This is an age-old question: why do prices in stores end in .99 (like $1.99 instead of $2 or $19.99 instead of $20)?
The traditional explanation is that there is some psychological aspect that makes more people buy the product because it appears much cheaper even though it is only $0.01 cheaper. I buy that to a certain extent, but I feel there is also something to be gained by pricing at even numbers because people appreciate not feeling like they are being tricked. Or why not price items so that they work out to be even numbers when tax is added so that you save people from having to deal with change?
Another explanation I have heard is that it was designed to keep cashiers from pocketing money given to them by customers. Since they are given $1.99 instead of $2, the cashier has to open the register to give change.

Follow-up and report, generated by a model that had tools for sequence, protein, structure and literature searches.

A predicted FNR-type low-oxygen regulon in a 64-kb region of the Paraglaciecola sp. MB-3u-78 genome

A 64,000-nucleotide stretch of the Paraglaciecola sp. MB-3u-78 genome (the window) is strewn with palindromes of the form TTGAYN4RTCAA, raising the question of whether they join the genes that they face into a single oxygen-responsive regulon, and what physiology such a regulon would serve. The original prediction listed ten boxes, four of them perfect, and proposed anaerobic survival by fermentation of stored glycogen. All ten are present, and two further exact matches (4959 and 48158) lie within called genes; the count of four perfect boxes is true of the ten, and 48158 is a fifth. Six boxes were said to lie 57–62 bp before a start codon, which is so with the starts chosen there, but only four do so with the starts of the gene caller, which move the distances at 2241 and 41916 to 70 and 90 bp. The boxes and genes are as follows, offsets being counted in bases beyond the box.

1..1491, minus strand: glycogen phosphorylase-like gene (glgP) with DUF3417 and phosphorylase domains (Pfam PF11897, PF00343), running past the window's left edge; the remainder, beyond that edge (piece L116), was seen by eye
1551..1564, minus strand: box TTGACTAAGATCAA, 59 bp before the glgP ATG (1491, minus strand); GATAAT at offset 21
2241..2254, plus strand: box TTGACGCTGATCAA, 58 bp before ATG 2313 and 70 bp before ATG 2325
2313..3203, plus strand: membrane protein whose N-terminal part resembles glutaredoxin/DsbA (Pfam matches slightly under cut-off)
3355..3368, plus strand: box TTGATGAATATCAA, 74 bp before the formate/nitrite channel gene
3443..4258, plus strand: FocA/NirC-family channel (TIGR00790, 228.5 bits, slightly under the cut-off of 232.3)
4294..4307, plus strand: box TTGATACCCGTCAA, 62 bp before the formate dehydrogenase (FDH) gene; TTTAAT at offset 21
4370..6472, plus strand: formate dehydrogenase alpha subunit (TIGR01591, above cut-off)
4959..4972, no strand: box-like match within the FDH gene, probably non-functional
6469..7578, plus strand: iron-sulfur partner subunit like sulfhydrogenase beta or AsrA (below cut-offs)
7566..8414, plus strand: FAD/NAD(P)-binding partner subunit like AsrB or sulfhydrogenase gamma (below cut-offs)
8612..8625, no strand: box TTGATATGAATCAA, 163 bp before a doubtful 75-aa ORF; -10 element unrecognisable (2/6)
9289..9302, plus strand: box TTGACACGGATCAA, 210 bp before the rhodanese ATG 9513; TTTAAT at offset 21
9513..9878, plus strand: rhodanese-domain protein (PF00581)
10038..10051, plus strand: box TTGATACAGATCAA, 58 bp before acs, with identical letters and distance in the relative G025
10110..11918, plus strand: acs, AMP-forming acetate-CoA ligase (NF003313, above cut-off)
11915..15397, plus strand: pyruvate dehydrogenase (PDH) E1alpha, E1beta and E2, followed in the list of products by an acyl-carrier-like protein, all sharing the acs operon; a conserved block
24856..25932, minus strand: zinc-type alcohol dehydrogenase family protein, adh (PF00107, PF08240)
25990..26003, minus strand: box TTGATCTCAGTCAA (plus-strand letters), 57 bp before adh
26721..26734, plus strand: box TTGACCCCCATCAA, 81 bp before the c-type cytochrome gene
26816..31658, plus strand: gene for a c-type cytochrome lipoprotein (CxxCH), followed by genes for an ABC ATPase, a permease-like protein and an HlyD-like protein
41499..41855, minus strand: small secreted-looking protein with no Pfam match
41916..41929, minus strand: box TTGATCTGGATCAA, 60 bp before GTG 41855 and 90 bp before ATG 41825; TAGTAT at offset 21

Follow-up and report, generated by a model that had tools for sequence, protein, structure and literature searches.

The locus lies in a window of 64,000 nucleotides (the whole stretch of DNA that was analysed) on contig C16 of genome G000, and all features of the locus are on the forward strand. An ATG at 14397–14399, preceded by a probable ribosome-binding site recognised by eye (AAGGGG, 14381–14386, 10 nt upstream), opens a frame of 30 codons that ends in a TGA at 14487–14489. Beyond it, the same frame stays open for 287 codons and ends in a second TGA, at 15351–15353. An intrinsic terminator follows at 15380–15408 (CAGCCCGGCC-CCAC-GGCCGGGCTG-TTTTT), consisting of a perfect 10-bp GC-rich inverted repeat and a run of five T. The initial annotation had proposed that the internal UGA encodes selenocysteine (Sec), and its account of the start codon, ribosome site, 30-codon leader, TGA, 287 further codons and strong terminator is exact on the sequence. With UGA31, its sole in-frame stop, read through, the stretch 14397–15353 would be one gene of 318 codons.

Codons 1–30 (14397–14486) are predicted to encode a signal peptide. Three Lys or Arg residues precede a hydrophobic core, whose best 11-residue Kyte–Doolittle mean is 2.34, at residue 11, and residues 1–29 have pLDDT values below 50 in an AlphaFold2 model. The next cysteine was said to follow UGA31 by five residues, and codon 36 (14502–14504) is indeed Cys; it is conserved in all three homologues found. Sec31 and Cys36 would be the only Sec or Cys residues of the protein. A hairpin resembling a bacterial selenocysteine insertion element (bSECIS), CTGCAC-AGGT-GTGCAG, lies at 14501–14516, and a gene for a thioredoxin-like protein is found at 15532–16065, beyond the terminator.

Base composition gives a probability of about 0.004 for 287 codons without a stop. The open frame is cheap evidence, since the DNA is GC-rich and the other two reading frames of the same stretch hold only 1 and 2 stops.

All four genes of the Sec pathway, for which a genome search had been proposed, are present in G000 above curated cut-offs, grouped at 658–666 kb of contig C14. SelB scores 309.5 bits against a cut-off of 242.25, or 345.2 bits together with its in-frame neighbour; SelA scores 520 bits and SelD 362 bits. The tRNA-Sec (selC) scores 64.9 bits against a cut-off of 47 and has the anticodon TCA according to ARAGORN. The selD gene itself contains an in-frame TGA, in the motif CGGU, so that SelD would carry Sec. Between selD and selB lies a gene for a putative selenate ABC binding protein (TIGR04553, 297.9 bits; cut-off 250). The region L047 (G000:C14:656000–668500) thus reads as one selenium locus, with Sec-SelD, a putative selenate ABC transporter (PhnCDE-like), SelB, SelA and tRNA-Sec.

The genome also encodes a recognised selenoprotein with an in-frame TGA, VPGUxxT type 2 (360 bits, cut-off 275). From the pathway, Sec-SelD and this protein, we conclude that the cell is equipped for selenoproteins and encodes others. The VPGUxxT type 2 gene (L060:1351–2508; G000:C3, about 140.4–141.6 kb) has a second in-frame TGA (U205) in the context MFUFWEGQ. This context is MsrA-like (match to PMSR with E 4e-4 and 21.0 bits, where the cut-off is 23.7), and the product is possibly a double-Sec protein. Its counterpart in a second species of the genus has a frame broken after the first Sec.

Neither of these explanations are really satisfying, so I wanted to see what you guys thought. Another interesting idea is to think about the circumstances where pricing is a little different. Like why are gasoline companies are the only ones to give tenths of a cent on their prices? Or why do some places price in whole numbers (some fancy restaurants, used book stores, concert tickets, etc.) while most do not?
(Schulz gets credit for suggesting the question should be on the blog)